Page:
Nest-building in primates

Nest-building in primates refers to the behaviour of building nests by extant strepsirrhines and hominid apes. Strepsirrhines build nests for both sleeping and also for raising families. Hominid apes build nests for sleeping at night, and in some species, for sleeping during the day. Nest-building by hominid apes is learned by infants watching the mother and others in the group, and is considered tool use rather than animal architecture. Old World monkeys and New World monkeys do not nest. It has been speculated that a major evolutionary advance in the cognitive abilities of hominoids may first have occurred due to the development of nest-building behaviour and that the transition from nest-building to ground-sleeping led to "modifications in the quality and quantity of hominid sleep, which in turn may have enhanced waking survival skills through priming, promoted creativity and innovation, and aided the consolidation of procedural memories".

Female copulatory vocalizations, also called female copulation calls or coital vocalizations, are produced by female primates, including human females, and female non-primates. Copulatory vocalizations usually occur during copulation and are hence related to sexual activity. Vocalizations that occur before intercourse, for the purpose of attracting mates, are known as mating calls.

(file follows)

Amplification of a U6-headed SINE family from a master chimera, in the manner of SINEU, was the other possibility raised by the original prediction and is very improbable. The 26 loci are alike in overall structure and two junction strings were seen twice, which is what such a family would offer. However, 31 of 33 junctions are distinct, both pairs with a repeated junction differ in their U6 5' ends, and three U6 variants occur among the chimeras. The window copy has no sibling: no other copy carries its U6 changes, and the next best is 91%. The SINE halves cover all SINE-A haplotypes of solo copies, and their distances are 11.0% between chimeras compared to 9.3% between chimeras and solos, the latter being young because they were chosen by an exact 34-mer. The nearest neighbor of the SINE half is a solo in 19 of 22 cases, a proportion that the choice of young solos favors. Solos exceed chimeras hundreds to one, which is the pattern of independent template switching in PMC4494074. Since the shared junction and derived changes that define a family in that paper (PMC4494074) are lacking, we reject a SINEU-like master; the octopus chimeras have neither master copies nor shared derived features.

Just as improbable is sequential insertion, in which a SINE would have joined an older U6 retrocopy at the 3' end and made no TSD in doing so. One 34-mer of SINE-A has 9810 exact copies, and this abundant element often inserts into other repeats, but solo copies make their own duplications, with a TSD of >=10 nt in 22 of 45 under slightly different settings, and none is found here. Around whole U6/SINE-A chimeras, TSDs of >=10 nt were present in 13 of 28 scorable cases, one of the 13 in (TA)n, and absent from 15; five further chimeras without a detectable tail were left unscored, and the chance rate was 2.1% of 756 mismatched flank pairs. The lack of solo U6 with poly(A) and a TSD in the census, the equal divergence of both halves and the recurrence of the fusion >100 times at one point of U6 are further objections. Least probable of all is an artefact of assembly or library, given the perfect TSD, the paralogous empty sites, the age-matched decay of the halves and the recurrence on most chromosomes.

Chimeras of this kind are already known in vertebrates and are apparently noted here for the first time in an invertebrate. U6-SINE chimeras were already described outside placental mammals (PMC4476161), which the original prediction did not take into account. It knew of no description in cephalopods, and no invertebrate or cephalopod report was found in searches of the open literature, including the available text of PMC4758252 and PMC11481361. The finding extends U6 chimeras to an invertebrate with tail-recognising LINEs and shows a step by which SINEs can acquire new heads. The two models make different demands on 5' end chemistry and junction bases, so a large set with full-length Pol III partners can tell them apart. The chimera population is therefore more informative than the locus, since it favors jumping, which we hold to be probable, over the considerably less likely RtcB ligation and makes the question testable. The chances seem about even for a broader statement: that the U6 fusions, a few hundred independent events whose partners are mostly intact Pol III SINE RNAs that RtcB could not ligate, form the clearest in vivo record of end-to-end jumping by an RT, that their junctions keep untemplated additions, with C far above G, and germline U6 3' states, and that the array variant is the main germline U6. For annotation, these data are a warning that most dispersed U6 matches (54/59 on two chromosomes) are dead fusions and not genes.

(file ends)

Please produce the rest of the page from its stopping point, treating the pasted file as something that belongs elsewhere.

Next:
Penile spines

Many mammalian species have developed keratinized penile spines along the glans and/or shaft, which may be involved in sexual selection. These spines have been described as being simple, single-pointed structures (macaques) or complex with two or three points per spine (strepsirrhines). Penile spine morphology may be related to mating system.

Non-reproductive sexual behavior consists of sexual activities animals participate in that do not lead to the reproduction of the species. Although procreation continues to be the primary explanation for sexual behavior in animals, recent observations on animal behavior have given alternative reasons for the engagement in sexual activities by animals. Animals have been observed to engage in sex for social interaction, demonstration of dominance, aggression relief, exchange for significant materials, and sexual stimulation. Observed non-procreative sexual activities include non-copulatory mounting, oral sex, genital stimulation, anal stimulation, interspecies mating, and acts of affection. There have also been observations of animals engaging in homosexual behaviors, as well as sex with dead animals and sex involving juveniles.

Human sperm competition